The material on this website is provided for informational purposes only and does not constitute an offer to sell, a solicitation to buy, or a recommendation or endorsement for any security or strategy, nor does it constitute an offer to provide investment advisory services by Quantopian. In addition, the material offers no opinion with respect to the suitability of any security or specific investment. No information contained herein should be regarded as a suggestion to engage in or refrain from any investment-related course of action as none of Quantopian nor any of its affiliates is undertaking to provide investment advice, act as an adviser to any plan or entity subject to the Employee Retirement Income Security Act of 1974, as amended, individual retirement account or individual retirement annuity, or give advice in a fiduciary capacity with respect to the materials presented herein. If you are an individual retirement or other investor, contact your financial advisor or other fiduciary unrelated to Quantopian about whether any given investment idea, strategy, product or service described herein may be appropriate for your circumstances. All investments involve risk, including loss of principal. Quantopian makes no guarantees as to the accuracy or completeness of the views expressed in the website. The views are subject to change, and may have become unreliable for various reasons, including changes in market conditions or economic circumstances.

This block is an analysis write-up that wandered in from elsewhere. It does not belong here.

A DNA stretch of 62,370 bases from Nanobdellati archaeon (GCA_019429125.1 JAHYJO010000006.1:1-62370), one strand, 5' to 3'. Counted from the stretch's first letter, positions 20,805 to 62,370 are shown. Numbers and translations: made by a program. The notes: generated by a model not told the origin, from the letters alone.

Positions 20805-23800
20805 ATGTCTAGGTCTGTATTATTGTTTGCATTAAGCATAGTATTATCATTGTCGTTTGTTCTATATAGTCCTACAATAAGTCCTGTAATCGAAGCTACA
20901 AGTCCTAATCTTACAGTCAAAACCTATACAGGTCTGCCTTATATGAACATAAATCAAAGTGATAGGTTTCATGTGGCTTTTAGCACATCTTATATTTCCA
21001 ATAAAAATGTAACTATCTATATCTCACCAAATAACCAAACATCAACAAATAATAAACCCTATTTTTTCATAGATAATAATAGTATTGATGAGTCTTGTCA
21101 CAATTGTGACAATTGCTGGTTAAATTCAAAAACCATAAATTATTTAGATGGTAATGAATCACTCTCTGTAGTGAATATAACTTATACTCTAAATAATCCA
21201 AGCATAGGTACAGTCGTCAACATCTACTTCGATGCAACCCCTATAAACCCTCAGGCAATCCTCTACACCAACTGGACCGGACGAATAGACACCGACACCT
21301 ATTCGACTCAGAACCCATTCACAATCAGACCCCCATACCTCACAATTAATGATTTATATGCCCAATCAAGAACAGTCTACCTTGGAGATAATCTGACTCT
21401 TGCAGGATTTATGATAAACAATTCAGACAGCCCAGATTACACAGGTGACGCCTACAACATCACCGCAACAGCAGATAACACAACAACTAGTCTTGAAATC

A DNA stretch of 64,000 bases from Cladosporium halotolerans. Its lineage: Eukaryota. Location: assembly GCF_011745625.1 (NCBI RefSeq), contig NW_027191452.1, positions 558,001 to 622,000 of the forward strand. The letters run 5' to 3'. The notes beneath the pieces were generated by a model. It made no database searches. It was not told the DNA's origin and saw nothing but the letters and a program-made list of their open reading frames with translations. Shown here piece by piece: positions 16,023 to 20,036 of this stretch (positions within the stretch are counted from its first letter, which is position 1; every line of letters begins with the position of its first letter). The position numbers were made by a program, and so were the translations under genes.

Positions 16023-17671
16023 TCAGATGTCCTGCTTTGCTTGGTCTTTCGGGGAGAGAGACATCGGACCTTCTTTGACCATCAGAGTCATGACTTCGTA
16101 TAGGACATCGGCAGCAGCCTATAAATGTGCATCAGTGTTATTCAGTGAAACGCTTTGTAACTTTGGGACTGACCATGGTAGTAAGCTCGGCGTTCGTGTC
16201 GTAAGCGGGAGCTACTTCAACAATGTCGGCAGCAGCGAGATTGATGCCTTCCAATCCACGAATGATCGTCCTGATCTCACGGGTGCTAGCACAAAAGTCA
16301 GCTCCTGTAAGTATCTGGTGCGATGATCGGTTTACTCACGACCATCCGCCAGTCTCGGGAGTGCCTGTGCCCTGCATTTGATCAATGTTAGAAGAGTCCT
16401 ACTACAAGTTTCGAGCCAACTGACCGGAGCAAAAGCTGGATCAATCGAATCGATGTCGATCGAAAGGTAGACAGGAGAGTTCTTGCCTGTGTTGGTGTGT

James, Thanks for providing the same functionality in a concise function. Since your function returns a time-delta, I could append ".days" to get an integer of days, right?

# Gather history  
closes = history(252, '1d', 'close_price').dropna(axis=1)  
# Save the number of days since a higher close  
num_of_days = days_since_close_was_higher(closes).days  

In that case, your function would be better named "time_since_price_was_higher", because a user may want minutes, or hours, and because they may use "close" data series or "high" data series.

Here is the equivalent for time since price was lower: